Week in Renewables: Copenhagen Postmortems, New Venture Funding and More

Last Updated Jan 11, 2010 7:50 AM EST

Several weeks ago, BNET Energy forwent its weekly roundups to cover the Copenhagen climate conference in Denmark, and continued the hiatus through the slow-news holidays. We're back on now; thanks for your patience.

As it happens, the first item to report relates right back to Copenhagen. As postmortems of what went wrong at the conference have continued to crop up, much of the attention has centered on China. Now an official at the country's National Development and Reform Commission has gone on record that China entered negotiations intending to reject external checks on its emissions: "Developing countries, especially China, would surely never accept this request," he said.

For some, stonewalling of this sort means that China intentionally wrecked the Copenhagen talks. The alternate explanation is that China has a very different view of the negotiations -- it holds that developed countries should be responsible for making cuts.

If that's the truth (and not just a negotiating angle), then progress is sure to remain slow: the chairman of the Senate Energy and Natural Resources Committee has said that it's unlikely the United States will pass a cap and trade bill, a problem which Copenhagen's lack of progress surely plays into, making the entire process a chicken-and-egg problem.

Even worse, environmental issues don't even make it into a lengthy list of the most-reported stories of 2009. That's a demand issue; editors have been telling me for some time that stories on cleantech are unpopular and draw little traffic.

Not all news in the world of renewable energy is grim, though. Last year's IPO of A123 Systems, for instance, ended up as the top-grossing debut of the year, and the first week of the new year has seen a surge of venture financing for cleantech for almost a dozen companies including the electric car maker Coda Automotive, thin-film solar startup Innovalight and solar concentrator developer Morgan Solar.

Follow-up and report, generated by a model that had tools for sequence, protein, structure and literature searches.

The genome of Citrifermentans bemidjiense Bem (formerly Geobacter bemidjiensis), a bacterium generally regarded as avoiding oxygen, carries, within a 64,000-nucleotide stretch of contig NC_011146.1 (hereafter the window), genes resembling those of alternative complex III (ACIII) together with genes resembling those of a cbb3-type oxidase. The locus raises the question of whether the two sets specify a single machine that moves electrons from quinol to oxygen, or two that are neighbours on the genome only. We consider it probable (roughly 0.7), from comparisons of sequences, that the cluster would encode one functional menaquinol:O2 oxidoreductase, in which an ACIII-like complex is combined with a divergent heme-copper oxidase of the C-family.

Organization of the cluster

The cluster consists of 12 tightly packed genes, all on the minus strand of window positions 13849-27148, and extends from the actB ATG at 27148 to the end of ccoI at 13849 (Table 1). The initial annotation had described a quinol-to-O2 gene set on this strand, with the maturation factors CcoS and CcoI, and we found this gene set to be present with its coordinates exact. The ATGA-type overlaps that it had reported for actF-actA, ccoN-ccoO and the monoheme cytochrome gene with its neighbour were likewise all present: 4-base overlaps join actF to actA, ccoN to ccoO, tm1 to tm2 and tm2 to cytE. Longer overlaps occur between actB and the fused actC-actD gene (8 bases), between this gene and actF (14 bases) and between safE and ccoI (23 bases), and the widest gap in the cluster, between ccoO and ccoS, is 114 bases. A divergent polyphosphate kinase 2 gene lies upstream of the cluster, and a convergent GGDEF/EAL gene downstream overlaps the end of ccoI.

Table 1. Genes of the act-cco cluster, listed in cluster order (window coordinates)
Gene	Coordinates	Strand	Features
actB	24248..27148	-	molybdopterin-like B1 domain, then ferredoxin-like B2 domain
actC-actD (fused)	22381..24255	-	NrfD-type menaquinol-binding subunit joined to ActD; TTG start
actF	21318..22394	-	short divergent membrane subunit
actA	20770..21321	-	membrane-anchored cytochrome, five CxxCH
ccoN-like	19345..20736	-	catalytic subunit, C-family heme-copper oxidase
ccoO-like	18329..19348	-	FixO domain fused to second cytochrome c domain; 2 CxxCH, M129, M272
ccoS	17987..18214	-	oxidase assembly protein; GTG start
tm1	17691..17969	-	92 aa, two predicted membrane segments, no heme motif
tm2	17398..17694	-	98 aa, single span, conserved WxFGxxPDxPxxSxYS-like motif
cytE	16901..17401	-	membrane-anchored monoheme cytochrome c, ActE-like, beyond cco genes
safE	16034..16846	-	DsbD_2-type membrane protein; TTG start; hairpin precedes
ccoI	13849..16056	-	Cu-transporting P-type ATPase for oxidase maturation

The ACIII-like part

More importantly for the big picture, the Bureau of Land Management has begun its promised fast-tracking of renewable energy projects, with 31 proposals from companies like Brightsource and Duke Energy in the first batch. China similarly appears to be picking up the pace, making an agreement with eSolar for a huge solar thermal installation, its first; I'll be writing a bit more about that later. (Update: Coverage of the two gigawatt eSolar deal is here.)

In England, offshore wind power could be in for an even bigger boost. Prime Minister Gordon Brown has awarded Siemens, Vestas and other companies grants to begin building 32 gigawatts of offshore turbines starting in 2014.

Developing technology has also made some notable gains. Silicon microwire solar cells have made strong gains in efficiency; they may prove to be a promising technology in the decade ahead. Separately, a company called EnviroMission is hoping to build the world's first solar updraft plants in Arizona, where their 2,400 foot chimneys would pipe hot air up to power turbines.

Two dim points to end on: EEStor appears to have missed yet another milestone for its ultracapacitors, which will supposedly replace batteries in electric cars. And LED lightbulbs have shown a weak point when used in public transportation -- in stoplights, they can't melt off snow and ice, leading to crashes. If there's really a mini ice age on the way, be sure to drive carefully.